What Do Lice Look Like?

What Do Lice Look Like?
What Do Lice Look Like? (Image: http://www.cdc.gov/lice/body/index.html)

Lice do not discriminate based on hair length, color, or age. They will happily jump from one human host to the next. There are millions of cases of lice infestations each year. When we think of lice, we usually think of head lice. The fact is that humans can host three different kinds of lice: head lice, body lice, and pubic lice. Pets and animals do not play a part in the transmission of lice. Lice are parasitic insects that live off of human blood.


Head lice (Pediculus humanus capitis) are wingless insects that are barely visible. They are grey-white in color and about 2-3 mm in length. They can be mistaken for dandruff. Each female louse lives for a month and will produce 7-10 eggs (nits). It is difficult to remove head lice because they are attached with a waterproof sticky substance. These nits can be found on the head, eyelashes, and eyebrows. They are commonly found in preschool and elementary children. Pubic lice, known as Phthirus pubis, are small six-legged creatures that look like crabs. These lice are white to brownish in color and have an oval shape. If they have been feeding, they turn dark red.. While they are usually found in pubic hair, they can also be found in armpit hair, facial hair, and eyelashes. Body lice (Pediculus humanus corporis) resemble head lice but are much larger than the other types. They can live anywhere on the body. A female louse can lay about 300 eggs or more in her lifetime. While head lice lives on the scalp, body lice feed and then nestle in clothing seams.


The moment that lice decide to make you their new home, you will know. Head lice will feel like a tickling sensation along your scalp.You might also feel that something is moving around in your hair. As the head louse bites the scalp, there is itching. This is an allergic reaction to the saliva. Head lice are very active at night and it will be difficult to sleep. Sores can develop if you are constantly scratching your head. Bacteria can spread from your fingers to your scalp causing an infection. In some cases, people can have pubic lice without any symptoms. Most people complain of intense itching that becomes worse at night. The bites of pubic lice can result in blue-gray marks on the inner thighs and pubic area. Symptoms of body lice are constant and intense itching. You may develop a rash that looks like small welts. Itching is most intense around the waist, groin, and thighs. If you have had body lice for a long time, the infection can darken and thicken your skin.


Lice need warmth and humidity to incubate. The stages of the head lice are the nit, nymph, and adult louse. Nits are about as big as a pinhead and hatch in 7-10 days. Once they hatch they become transparent. A nit uses air that it swallows and expels through its rectum to create an air bubble. This air bubble forces the nit out of its case. A nit that has hatched is called a nymph. It is similar in appearance to an adult louse, but much smaller. A nymph needs to feed off of human blood within 40 minutes if it is to survive. Within 7-12 days, the nymph will molt about 3 times before it becomes an adult. Lice live up to 30 days.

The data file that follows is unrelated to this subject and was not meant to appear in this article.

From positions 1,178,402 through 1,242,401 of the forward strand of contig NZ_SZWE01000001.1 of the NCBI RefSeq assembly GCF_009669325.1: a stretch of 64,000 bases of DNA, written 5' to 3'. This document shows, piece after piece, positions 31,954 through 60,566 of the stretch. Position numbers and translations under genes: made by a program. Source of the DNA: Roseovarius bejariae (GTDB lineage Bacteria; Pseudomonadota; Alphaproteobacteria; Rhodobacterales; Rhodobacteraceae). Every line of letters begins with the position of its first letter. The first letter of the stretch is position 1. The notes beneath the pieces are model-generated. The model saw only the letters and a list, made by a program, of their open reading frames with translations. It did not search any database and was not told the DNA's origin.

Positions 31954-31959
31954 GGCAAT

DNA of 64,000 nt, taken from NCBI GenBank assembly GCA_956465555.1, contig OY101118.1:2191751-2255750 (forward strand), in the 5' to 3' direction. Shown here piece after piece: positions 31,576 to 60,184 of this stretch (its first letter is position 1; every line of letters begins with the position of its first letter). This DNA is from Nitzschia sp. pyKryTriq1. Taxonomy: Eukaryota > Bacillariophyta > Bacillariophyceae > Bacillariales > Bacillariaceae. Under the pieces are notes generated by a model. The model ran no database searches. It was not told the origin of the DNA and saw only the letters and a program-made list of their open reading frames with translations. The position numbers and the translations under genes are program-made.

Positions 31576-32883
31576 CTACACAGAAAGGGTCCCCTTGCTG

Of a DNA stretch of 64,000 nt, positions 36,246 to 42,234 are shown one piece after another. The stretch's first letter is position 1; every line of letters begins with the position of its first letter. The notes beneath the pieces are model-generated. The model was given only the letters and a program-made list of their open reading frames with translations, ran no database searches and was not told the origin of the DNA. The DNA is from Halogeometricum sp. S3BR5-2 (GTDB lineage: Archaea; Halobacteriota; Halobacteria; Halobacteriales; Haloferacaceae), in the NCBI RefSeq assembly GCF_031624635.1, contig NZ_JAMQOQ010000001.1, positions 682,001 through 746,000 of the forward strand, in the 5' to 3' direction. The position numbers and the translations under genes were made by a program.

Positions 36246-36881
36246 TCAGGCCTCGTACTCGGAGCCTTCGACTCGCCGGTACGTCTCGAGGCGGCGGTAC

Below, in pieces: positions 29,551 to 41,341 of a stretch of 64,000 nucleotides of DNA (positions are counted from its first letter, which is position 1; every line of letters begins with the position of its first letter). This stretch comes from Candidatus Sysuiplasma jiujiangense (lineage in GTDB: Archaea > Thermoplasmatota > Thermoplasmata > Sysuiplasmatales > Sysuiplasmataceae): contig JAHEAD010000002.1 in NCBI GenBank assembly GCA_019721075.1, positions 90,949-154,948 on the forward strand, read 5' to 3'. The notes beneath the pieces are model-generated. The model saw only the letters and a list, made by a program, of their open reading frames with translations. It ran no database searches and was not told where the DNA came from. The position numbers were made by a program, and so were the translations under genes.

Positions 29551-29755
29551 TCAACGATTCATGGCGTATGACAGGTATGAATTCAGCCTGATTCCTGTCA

There are a variety of pediculicidal shampoos, aerosols, and rinses that can treat head lice. It may take 2 applications before all nits are destroyed. After you apply the treatment, use a fine-toothed comb or a louse comb. Look for head lice when the hair is wet. Do small sections of hair and comb towards the scalp. Repeat combing method every 2 to 3 days for 2 weeks. Head lice can live up to 48 hours without a host so it is necessary to disinfect all personal items that came in contact with the infested scalp. Wash and dry on the hottest cycle to prevent reinfestation. Soak all brushes and combs for 15 minutes in hot water. Any item that can not be washed should be put in an air-tight plastic bag for two weeks. All members of the household that are infested should be treated at the same time. Pubic lice are not killed with just soap and water. It is necessary to use a product that contains Pyrethrin (1%) or Pymethrin (1%) to get rid of pubic lice. Bed linens and clothing should be washed and dried on the hottest cycle. Search eyelashes and eyebrows for lice or nits. Apply petroleum jelly to the area 2 times daily for at least a week. It usually isn't necessary to seek treatment for body lice because they live mainly on clothing. An infested person should take a shower and get a fresh change of clothes. It is advised that worn clothing, bedding, or towels should be washed thoroughly or thrown away. Lice and nits will be killed when washed in hot water of at least 140 degrees F. Once washed, dry on highest heat cycle for half an hour. Take an over-the-counter antihistamine to relieve itching.


Head lice are transmitted through direct contact. Ways of transmission include sharing pillows, combs, brushes, and caps. Pubic lice are transmitted during sexual contact with an infested person. Your risk of getting pubic lice increases if you have multiple sex partners or if you share clothing or bedding with someone that is infested. Children can get pubic lice after having nonsexual contact with their parent. Body lice can infest clothing, towels, and bedding and can be without a human host for up to a month. Body lice can infest rapidly if the person lives in crowded environment or where there is poor personal hygiene. Body lice can infest anyone but are common in the homeless who are unable to have proper hygiene.

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